The remaining guests surveyed these two departing men in silent wonder. As they stood there, silently listening, the sound of two horses galloping swiftly away fell on their ear, and after a longer interval a prolonged whistle from the Nile and a cry of distress.
“Where is Knakias?” said Rhodopis to one of her slaves.
“He went into the garden with Phanes and the Persian,” was the answer, and as it was being spoken, the old slave re-entered, pale and trembling.
“Have you seen my son?” cried Croesus. “Where is Phanes?”
“I was to bid you farewell from them both.”
“Then they are gone.—Whither? How was it possible?” . . .
“The Athenian and the Persian,” began the slave, “had a slight dispute in the anteroom. This over, I was told to divest both of their robes. Phanes then put on the stranger’s trousers, coat and girdle; on his own curls he placed the pointed Persian cap. The stranger wrapped himself in the Athenian’s chiton and mantle, placed the golden circlet above his brow, caused the hair to be shaved from his upper lip, and ordered me to follow him into the garden. Phanes, whom in his present dress, none could imagine to be other than a Persian, mounted one of the horses still waiting before the gate; the stranger called after him, ’Farewell Gyges, farewell beloved Persian, a pleasant journey to thee, Gyges!’ The servant, who had been waiting, followed on the other horse. I could hear the clatter of arms among the bushes, but the Athenian was allowed to depart unmolested, the soldiers, without doubt, believing him to be a Persian.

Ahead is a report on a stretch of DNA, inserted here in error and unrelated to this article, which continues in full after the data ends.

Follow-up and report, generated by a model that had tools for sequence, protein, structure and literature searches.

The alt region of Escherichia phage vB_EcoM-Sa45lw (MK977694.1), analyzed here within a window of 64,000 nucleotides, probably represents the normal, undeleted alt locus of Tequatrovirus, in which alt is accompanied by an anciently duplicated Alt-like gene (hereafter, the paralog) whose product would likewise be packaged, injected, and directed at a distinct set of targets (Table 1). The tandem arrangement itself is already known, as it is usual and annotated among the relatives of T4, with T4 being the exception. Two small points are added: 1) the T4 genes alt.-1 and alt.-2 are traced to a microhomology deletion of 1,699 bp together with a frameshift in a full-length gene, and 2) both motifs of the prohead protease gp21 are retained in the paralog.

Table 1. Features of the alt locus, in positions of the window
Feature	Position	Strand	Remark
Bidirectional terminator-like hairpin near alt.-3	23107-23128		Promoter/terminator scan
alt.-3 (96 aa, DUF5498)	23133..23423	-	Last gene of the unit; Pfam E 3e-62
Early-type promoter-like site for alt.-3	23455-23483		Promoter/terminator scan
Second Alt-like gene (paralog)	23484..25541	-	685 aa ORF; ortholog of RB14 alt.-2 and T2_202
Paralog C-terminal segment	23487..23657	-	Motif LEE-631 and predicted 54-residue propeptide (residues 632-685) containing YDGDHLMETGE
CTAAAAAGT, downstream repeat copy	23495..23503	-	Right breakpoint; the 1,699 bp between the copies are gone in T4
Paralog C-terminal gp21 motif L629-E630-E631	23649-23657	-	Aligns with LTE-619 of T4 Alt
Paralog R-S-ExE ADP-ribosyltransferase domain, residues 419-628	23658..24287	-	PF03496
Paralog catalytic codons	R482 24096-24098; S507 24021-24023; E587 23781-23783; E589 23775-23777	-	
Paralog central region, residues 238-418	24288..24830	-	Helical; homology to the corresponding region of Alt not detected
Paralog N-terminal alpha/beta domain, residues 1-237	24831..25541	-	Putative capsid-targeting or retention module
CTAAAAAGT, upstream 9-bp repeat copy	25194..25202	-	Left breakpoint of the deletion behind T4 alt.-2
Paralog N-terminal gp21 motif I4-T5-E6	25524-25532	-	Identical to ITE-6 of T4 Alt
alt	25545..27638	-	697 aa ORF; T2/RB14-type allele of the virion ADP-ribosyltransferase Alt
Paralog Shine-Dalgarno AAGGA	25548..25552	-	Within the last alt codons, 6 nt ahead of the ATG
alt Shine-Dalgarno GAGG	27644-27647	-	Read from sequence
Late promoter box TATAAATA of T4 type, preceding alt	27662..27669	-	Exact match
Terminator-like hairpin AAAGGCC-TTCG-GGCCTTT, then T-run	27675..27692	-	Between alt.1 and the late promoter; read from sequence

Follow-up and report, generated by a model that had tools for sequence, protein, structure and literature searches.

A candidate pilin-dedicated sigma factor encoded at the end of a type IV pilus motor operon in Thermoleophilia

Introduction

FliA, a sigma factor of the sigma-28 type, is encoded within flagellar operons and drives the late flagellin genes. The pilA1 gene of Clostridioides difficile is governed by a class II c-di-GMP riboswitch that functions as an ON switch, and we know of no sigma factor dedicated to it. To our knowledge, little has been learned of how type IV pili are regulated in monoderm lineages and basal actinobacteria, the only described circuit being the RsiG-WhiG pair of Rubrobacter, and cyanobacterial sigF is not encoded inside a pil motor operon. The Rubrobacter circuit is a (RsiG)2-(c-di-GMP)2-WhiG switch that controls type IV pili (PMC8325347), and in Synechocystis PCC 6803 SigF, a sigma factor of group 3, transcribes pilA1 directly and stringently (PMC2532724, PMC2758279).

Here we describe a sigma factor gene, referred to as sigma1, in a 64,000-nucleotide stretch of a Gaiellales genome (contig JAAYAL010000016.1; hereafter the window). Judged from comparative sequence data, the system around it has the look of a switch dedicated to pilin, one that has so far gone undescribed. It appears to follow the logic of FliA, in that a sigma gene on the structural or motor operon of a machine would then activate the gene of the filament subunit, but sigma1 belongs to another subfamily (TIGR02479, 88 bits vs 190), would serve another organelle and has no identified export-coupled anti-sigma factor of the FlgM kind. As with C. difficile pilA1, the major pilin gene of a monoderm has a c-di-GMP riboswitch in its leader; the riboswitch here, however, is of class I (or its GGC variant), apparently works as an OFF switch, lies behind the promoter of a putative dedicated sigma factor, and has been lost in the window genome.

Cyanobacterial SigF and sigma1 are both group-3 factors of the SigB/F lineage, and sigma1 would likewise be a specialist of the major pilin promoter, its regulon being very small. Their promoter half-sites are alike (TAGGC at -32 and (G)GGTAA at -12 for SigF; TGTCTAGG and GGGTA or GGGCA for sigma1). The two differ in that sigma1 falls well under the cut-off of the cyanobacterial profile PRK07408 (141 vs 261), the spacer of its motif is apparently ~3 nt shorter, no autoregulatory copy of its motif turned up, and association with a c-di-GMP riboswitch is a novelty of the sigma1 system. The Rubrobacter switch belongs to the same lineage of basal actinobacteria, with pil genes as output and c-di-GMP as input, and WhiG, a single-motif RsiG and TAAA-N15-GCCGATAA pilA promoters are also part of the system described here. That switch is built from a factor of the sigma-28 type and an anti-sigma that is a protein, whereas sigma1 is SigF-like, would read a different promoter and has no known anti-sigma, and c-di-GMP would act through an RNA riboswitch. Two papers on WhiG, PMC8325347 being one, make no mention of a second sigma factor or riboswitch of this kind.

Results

“On returning to the house the stranger’s orders were: ’Accompany me to Phanes’ bark, and cease not to call me by the Athenian’s name.’ ’But the boatmen will betray you,’ I said. ‘Then go alone to them,’ he answered, ‘and command them to receive me as their master, Phanes.’ Then I prayed him to allow me to take the dress of the fugitive and become a prey to the pursuers; but he would by no means allow this, and said my gait and carriage would betray me. There alas! he spoke truly, for only the free man can walk erect; the neck of the slave is bent; the schools in which the noble and the freeborn learn grace and beauty of movement are not for him. And so it must remain, the children must be even as the fathers; can the unclean onion-root produce a rose, or the unsightly radish a hyacinth? Constant bondage bows the neck of the slave, but the consciousness of freedom gives dignity to the stature.”
“But what has become of my son?” interrupted Croesus.
“He would not accept my poor offer, and took his seat in the bark, sending a thousand greetings unto thee, O king! I cried after him, ‘Farewell Phanes! I wish thee a prosperous journey, Phanes!’ At that moment a cloud crossed the moon; and from out the thick darkness I heard screams, and cries for help; they did not, however, last long, a shrill whistle followed, then all was silent; and the measured